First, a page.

Forum: 159th Street project
February 12, 2013 9:22PM
Updated: March 14, 2013 6:51AM
I’m writing regarding the Jan. 31 story (“Homer Glen working on 159th Street plan”), which quoted a village trustee as saying Homer Glen is losing sales tax revenue because too often residents shop in Orland Park, Oak Brook and Schaumburg.
That’s a major reason for widening 159th Street, to make it more business-friendly and attract new businesses. I agree that towns should do all they can to try to get residents to shop local and keep their dollars in town.
I agree that widening 159th Street from two to four lanes from near Gougar Road to near LaGrange Road will attract economic development. Instead of people driving through Homer Glen to shop in other villages, they will be able to shop here, thus creating more revenue for the village.
Homer Glen officials said in the story that they want to ensure that everything along 159th Street has a cohesive look that’s unique to the village. I also think this is a great idea because it will be a way for everyone to remember Homer Glen as they pass through town.
Autos as dangerous as guns?
While driving on the Dan Ryan Expressway, I noticed a flashing Illinois Department of Transportation billboard that stated there were 957 traffic-related deaths in the state during 2012. That is almost double the number of gun-related homicides that occurred in Chicago during the same period.
Since the Newtown, Conn., shootings, the anti-gun lobby has suggested that certain types of guns be banned. They also demand that firearm owners be trained, licensed, registered and insured to combat gun violence. Somehow this is supposed to stop the senseless killings that occur in our communities.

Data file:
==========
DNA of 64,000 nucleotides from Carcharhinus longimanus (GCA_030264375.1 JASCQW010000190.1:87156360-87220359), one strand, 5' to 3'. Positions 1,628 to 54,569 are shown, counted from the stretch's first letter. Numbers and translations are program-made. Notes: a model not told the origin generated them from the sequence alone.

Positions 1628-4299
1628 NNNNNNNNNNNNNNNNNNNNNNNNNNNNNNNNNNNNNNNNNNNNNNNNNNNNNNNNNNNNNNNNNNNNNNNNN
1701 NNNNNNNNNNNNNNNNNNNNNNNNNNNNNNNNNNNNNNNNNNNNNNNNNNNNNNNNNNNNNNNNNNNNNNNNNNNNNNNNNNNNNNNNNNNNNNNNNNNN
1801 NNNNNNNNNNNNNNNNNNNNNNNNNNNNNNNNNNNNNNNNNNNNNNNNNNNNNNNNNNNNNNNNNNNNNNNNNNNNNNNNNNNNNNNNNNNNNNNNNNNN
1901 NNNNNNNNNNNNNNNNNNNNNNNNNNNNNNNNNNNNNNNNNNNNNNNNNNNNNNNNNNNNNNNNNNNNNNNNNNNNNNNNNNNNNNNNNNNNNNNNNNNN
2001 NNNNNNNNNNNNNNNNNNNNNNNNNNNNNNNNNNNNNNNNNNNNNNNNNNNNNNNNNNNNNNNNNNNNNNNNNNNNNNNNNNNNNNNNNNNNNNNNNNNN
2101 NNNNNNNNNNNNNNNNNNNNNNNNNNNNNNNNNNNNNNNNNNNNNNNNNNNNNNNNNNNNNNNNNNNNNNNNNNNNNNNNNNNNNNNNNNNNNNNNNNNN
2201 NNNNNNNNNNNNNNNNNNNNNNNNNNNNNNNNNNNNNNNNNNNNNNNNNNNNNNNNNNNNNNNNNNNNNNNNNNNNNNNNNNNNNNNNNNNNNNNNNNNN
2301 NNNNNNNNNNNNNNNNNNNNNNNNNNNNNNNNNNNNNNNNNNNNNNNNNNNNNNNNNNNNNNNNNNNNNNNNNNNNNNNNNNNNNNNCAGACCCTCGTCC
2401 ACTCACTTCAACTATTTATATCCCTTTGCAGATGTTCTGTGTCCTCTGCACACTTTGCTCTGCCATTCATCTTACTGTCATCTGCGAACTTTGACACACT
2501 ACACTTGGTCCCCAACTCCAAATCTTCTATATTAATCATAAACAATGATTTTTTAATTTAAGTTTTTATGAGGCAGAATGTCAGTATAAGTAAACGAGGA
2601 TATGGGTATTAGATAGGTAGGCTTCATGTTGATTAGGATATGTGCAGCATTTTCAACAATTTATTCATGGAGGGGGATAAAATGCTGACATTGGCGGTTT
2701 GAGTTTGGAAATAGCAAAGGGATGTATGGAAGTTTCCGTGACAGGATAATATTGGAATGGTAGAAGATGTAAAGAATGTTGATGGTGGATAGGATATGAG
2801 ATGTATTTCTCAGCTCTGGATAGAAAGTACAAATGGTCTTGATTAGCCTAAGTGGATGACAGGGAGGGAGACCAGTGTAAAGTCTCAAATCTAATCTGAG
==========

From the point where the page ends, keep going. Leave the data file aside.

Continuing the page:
To drive a car you must attend driving school for training, you must obtain a license, your vehicle is registered and insurance is mandatory. But such requirements did not prevent the 957 traffic deaths, and it’s also undeniable that auto accidents kill more people than shootings.
The National Highway Traffic Administration reports that about 43,000 people die each year in the U.S. from auto accidents, more than double the firearm deaths, and about 2.9 million people end up suffering light or severe injuries from crashes. Should we ban fast, sleek sports cars because they look like race cars and pose more of a threat?
Gun licenses, registrations and permits do not prevent murder. If we’re going to ban guns because they can kill, we need to ban cars and trucks because they can too.
Norman R. Corsi
Scouting and discrimination
It seems inevitable that the Boy Scouts of America will eventually put an end to their discrimination against gays.
After that, will the Boy Scouts remain steadfast in their discrimination against atheists?